A popular solution for scaredy-dogs is the Thundershirt. These dog coats gently constrict your dog with reassuring pressure – many dog owners swear by them for keeping their dog calm during thunderstorms and fireworksOther popular products designed to keep dogs calm during loud noises include the

    Stop Dog Digging Holes Spray

    Can you imagine being locked in your yard all day with nothing to do? Sounds pretty dull, right?

    Well, your dog feels the same way….

    To keep himself entertained, your pup may take up digging as a hobby. It may be destructive, but to your dog, digging a hole is better than being bored.

    By curing your pups boredom, you won’t return home to a yard full of holes.

    I covered a couple of boredom busters earlier in this guide, such as toys and taking your dog for a walk.

    Other boredom solutions include training your dog or even getting a second dog to keep your pup company.

    Stop Dog Digging Holes Spray

    Back when dogs roamed wild, they would dig holes to hide their unfinished food. Once the food was inside, they would cover it back up.

    Think of this hole as a refrigerator for dogs. The next time they were hungry they would dig up their hidden meal.

    Nowadays, dogs have it too easy. They don’t need to hunt, a tasty meal hand to deliver to them. And if your pup is like mine, he gets a steady supply of treats in between meals too.

    Even so, your dog still has these natural instincts. Despite knowing that he won’t go hungry, the desire to hide food is irresistible.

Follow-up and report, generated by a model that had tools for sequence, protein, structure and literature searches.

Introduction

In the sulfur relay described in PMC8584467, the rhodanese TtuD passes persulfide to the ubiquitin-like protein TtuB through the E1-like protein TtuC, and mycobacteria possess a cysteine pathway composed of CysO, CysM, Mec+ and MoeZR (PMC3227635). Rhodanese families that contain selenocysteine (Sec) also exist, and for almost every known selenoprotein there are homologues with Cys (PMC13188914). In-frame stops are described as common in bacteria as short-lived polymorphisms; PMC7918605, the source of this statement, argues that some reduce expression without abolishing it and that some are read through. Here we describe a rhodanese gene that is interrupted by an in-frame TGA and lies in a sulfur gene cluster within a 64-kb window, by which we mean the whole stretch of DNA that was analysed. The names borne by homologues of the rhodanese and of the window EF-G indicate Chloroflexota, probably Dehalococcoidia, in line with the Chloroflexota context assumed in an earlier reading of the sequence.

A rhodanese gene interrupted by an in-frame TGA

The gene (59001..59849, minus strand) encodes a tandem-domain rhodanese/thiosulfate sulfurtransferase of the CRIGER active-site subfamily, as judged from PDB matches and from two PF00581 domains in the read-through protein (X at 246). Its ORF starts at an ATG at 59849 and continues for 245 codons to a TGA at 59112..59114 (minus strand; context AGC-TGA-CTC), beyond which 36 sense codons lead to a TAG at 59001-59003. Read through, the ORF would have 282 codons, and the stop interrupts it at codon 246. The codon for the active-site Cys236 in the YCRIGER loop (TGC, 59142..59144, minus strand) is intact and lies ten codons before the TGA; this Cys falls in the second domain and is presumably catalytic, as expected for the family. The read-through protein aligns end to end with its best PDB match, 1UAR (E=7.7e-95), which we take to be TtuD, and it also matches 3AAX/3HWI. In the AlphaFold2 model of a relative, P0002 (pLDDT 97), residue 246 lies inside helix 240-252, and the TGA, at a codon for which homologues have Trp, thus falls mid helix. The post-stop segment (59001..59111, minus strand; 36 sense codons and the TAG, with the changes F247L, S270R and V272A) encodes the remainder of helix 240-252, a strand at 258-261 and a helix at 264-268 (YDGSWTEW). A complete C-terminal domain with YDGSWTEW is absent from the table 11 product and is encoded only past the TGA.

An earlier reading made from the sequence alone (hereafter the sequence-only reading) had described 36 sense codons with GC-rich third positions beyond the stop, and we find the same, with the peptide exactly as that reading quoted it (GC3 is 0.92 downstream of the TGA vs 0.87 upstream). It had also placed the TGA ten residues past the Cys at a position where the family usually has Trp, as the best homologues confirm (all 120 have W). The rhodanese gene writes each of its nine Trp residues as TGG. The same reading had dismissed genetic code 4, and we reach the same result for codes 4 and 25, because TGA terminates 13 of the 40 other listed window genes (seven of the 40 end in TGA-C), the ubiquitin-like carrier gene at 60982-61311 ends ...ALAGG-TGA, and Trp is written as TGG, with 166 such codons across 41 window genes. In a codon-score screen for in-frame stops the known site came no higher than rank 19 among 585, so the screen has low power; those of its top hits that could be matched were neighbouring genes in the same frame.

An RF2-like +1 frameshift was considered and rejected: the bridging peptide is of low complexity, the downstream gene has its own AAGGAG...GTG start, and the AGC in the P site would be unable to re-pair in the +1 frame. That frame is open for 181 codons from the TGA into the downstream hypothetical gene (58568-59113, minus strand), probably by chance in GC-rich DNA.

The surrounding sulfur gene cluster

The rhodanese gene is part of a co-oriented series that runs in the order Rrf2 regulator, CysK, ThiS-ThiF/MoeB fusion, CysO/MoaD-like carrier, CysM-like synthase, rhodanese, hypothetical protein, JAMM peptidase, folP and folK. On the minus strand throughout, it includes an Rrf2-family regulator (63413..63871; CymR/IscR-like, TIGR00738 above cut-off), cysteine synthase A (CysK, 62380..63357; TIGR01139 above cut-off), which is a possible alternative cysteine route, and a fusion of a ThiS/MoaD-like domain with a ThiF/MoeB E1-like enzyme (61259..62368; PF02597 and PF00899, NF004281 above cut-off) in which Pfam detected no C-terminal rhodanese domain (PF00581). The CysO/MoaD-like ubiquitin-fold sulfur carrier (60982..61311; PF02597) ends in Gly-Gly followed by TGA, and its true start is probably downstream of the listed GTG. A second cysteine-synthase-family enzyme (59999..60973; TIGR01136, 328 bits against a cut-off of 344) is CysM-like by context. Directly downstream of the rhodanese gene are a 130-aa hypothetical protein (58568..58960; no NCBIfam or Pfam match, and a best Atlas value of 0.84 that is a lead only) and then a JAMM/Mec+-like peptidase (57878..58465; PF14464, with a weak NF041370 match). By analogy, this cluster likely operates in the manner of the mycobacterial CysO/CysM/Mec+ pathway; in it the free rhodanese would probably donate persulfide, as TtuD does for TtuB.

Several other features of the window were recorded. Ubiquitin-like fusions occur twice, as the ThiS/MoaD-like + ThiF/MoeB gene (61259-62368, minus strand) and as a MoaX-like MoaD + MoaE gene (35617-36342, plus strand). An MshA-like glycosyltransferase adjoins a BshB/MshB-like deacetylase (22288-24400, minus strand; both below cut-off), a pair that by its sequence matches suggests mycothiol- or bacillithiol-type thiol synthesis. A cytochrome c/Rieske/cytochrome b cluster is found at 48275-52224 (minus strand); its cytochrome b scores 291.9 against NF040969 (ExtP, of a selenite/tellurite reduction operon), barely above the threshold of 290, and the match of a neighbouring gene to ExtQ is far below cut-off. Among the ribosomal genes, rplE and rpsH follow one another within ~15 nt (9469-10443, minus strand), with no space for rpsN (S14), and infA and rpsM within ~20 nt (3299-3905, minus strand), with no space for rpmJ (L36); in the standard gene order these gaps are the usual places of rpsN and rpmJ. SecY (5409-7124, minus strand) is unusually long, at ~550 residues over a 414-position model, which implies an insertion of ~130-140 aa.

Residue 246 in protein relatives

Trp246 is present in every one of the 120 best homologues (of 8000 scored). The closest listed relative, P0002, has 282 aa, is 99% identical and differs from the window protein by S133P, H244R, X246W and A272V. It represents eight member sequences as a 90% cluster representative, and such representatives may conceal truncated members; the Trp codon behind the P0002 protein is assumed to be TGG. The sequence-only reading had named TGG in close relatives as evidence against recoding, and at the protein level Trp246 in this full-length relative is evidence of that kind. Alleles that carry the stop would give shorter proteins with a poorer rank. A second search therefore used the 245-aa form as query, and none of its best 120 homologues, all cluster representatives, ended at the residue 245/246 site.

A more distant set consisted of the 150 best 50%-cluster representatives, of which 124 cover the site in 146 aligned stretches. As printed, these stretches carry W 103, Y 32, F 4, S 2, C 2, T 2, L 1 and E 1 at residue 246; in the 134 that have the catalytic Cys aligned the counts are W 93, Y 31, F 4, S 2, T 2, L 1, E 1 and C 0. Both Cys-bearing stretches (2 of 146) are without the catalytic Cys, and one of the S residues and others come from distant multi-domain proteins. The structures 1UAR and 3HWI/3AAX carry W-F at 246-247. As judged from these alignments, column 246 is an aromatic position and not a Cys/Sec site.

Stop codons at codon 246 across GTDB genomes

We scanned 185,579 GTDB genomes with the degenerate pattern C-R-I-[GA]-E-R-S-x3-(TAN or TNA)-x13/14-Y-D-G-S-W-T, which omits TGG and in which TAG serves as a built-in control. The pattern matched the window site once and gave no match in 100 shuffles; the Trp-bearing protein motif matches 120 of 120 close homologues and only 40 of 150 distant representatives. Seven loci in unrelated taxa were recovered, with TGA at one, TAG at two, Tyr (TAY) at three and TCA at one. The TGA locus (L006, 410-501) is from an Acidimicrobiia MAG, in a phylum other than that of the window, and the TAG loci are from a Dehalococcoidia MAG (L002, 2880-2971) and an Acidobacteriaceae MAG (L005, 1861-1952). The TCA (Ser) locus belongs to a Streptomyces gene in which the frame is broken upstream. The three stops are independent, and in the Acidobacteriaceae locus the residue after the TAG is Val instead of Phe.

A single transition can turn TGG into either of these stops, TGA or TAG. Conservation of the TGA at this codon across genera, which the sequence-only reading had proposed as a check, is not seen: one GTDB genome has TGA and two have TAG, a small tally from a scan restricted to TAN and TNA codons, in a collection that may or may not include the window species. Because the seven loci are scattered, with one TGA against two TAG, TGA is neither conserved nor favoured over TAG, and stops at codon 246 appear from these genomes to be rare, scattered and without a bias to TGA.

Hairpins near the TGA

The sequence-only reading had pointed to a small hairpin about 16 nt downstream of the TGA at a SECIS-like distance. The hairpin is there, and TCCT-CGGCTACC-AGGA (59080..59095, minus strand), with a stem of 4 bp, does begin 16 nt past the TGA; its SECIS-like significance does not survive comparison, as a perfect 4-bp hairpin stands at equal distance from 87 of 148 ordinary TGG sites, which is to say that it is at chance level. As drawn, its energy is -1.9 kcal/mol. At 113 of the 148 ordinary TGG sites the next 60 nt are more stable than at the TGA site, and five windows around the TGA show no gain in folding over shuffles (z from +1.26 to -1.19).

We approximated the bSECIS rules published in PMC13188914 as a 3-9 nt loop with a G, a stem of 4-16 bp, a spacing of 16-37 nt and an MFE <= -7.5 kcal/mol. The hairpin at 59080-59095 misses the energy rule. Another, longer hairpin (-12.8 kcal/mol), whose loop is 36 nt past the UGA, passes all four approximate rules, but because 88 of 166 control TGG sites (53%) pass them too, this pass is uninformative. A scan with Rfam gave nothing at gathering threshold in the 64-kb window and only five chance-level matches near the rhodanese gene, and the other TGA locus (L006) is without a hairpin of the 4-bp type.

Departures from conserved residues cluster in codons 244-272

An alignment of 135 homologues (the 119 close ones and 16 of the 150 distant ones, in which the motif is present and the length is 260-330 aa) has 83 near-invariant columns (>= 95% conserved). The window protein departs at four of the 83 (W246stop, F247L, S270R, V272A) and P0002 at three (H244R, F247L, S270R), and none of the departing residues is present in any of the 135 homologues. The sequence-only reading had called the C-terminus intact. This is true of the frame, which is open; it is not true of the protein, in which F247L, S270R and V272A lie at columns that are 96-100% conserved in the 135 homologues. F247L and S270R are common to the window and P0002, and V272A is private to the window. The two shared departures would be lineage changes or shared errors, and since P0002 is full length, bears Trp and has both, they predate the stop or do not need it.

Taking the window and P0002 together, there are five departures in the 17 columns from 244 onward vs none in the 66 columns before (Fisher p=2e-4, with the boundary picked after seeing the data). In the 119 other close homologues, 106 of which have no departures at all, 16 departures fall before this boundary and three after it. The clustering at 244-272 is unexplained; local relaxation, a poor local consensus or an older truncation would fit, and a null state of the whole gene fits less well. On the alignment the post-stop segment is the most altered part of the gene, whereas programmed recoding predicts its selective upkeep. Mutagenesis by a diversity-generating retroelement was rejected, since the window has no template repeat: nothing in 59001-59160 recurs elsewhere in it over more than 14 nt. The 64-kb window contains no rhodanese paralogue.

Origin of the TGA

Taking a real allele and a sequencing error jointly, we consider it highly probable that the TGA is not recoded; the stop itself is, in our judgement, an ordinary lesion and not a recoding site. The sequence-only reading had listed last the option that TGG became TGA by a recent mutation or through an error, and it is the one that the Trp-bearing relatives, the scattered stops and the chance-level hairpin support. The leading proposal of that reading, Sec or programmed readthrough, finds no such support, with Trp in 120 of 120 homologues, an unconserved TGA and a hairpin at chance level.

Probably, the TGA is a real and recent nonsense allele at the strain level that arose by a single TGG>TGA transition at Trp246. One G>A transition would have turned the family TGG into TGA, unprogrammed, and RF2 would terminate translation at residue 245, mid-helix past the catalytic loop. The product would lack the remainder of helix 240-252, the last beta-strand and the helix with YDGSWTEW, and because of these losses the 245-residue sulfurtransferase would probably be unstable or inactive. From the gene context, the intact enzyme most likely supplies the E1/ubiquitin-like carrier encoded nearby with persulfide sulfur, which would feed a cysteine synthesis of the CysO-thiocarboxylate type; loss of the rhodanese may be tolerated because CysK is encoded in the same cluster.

And so he will turn your yard into his private food storage. Some dogs will even go so far as to hide their chew toys in holes.

    Look closely at the hole your dog has dug. If you see food, treats or toys inside, you’ll know you need to deal with your pup’s instincts.

    But how do you fight what comes naturally to your dog?

    The first step is to remove anything your dog has buried in your yard. If you don’t, your pup will dig it up again. You don’t want another hole in your yard, do you?

    Now you want to make sure you are not over-feeding your dog. If your dog is full, but there is food left over, he will be more likely to hide it.

    Next dogs are less likely to bury bite-sized treats. Larger treats like bully sticks, yak chews or bones, on the other hand, are more likely to be saved for later.

    Making the switch to a smaller treat could be all it takes to stop your dog from digging up your yard.

    If you supervise your dog, you can still give him large treats. However, once you notice he has finished eating or chewing you should take the treat off him for later.

    Another alternative is to just offer the larger treats inside. There isn’t any soft soil to dig up here.

    Digging holes to hide food is considered to be more common in hunting breeds such as Labradors, Beagles, Golden Retrievers and Weimaraners.


    Does vinegar stop dogs from digging holes?

    The most effective digging deterrent smell we tested was red cayenne pepper.

    Other scents that may deter your dog from digging include:
    • Citrus fruit (oranges, lemons, grapefruit)
    • Coffee Grounds.
    • Citronella Essential Oil.
    • Dog poop (bury your dog’s poop where he digs.